“We spend a lot on health care and don’t get the best results,” Mahoney says. “It’s an interesting economic subject, because you realize that markets for health care don’t always work perfectly.”
Tax supplemental insurance
Mahoney has had a front-row seat in this debate throughout his career. As a graduate student at Stanford University, he joined a research project that addressed problems created when less healthy individuals flocked to higher-benefit insurance plans. He continued to study health-care markets as a Robert Wood Johnson Fellow in Health Policy Research at Harvard University and a consultant at McKinsey & Co. He worked in the Obama Administration to help create the Affordable Care Act.
Television advertising got him thinking about the havoc private competition could wreak on cost-saving efforts in the new system.
“I was watching television during the open-enrollment period, and every third ad was for Medigap,” he recalls.
Medigap is supplemental insurance offered by private insurers that Medicare enrollees can buy, and about 86 percent of traditional enrollees have Medigap or supplemental insurance from a former employer or union.
Unlike most private insurance policies, Medicare does not cap the amount a patient can owe. The most popular Medigap policies cover co-pays (payments made by someone receiving a medical service) and deductibles.
“The economist in me said, ‘Wait a minute, Medicare was supposed to include cost sharing,’” says Mahoney. “This basically defeats the purpose of cost sharing that was supposed to save the taxpayers money.”
Economists have long understood that lowering co-pays and deductibles increases health-care spending. And lawmakers often bounce around the idea of taxing the Marks of the system for their Medigap plans as a way of recouping these extra costs.
But tax proposals have been tricky, because for a long time, no one knew exactly how much Medigap plans raised costs. Research in the 1990s led by Susan Ettner, now of the University of California, Los Angeles, found that Medigap increased Medicare spending by about 25 percent. However, these studies compared people who bought Medigap policies to Medicare patients who didn’t.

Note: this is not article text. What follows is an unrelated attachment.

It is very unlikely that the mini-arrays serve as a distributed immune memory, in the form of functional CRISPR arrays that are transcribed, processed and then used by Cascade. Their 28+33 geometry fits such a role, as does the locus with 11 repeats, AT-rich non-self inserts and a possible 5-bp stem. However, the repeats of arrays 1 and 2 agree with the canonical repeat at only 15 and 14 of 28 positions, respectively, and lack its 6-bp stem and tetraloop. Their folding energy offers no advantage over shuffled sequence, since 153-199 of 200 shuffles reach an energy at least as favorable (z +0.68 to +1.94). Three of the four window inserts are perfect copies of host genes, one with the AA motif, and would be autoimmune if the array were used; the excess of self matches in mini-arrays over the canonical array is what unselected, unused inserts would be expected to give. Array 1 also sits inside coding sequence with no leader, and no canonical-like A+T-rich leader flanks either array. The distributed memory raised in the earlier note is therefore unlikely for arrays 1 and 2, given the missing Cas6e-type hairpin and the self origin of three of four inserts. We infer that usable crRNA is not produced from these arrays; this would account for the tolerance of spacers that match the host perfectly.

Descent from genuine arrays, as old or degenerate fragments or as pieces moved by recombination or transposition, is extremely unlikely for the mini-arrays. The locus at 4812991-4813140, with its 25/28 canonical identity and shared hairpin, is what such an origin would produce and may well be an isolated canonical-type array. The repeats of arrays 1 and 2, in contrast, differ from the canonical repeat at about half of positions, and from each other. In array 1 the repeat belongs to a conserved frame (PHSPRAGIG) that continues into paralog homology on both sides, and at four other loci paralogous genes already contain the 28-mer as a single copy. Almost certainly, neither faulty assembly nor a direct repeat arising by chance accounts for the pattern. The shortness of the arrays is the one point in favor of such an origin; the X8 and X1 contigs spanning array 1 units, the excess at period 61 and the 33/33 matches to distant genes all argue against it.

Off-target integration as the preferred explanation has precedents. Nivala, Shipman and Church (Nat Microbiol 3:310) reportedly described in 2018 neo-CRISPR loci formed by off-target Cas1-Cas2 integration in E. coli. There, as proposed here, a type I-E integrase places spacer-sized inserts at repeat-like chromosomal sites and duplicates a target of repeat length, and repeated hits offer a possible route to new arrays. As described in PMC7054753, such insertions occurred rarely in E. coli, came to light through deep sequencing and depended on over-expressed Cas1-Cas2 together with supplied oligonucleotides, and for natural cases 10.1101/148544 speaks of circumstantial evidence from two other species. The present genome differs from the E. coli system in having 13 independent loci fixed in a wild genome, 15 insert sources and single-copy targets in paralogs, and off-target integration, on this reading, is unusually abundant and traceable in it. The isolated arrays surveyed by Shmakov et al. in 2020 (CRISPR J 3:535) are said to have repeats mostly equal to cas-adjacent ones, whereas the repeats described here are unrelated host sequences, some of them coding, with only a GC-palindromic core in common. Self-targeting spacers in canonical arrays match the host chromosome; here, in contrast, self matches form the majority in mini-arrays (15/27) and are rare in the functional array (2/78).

The findings were complicated by questions of whether the typical buyer of Medigap coverage is less healthy—and therefore inherently a heavier user of services—than other Medicare recipients.
Mahoney and University of Texas at Austin economist Marika Cabral tackled this problem by looking at the overall spending of Medicare patients in health-care service areas that straddled state borders. On the borders, they found demographically similar populations who used the same doctors, clinics, and hospitals. But the rate of Medigap coverage was often vastly different on opposite sides of a border.
Medigap premiums are based on a state’s average health-care costs, and as a result, they vary widely from state to state. New York City’s notoriously high health-care costs, for example, drive up Medigap premiums for all the state’s residents. As a result, rural New Yorkers using the exact same health-care services as their neighbors in Vermont pay 40 percent more in monthly Medigap premiums. New Yorkers are, unsurprisingly, far less interested in buying Medigap than Vermonters.
The researchers find that areas with more Medigap coverage spent significantly more on health care than their cross-border counterparts. Medigap coverage increased physician claims by 33.7 percent and claims for hospital stays by 23.9 percent. Overall, Medigap coverage increased Medicare costs by 22.2 percent.
The differences in premiums and Medigap purchasing rates within single health-care service areas also allowed the researchers to estimate demand for the policies at various price points. They calculated that a 15 percent tax on Medigap premiums would generate combined tax revenue and cost savings of $12.9 billion annually.
Privatization works . . . in some places
Although Medigap plans utilize private health-care markets, they still require the US government to reimburse health-care providers for every service. The added “insurance” consists of cost protections solely for the patient. Medicare pays for any uptick in the utilization of medical services. Perhaps the government could avoid these consequences by farming out the insurance responsibility to the private sector—a popular idea in Washington, at least among Republicans.
But would privatized Medicare benefit seniors, whom it was designed to protect? And what about benefits to the government—would any efficiency gains simply convert to profits that a private system demands? According to Mahoney’s most recent research, it depends on where the patients live.
“This is one of the issues with using competitive markets to deliver health care: it works if there’s enough [population] density,” he says. “It doesn’t work in large areas of the country where there’s not.”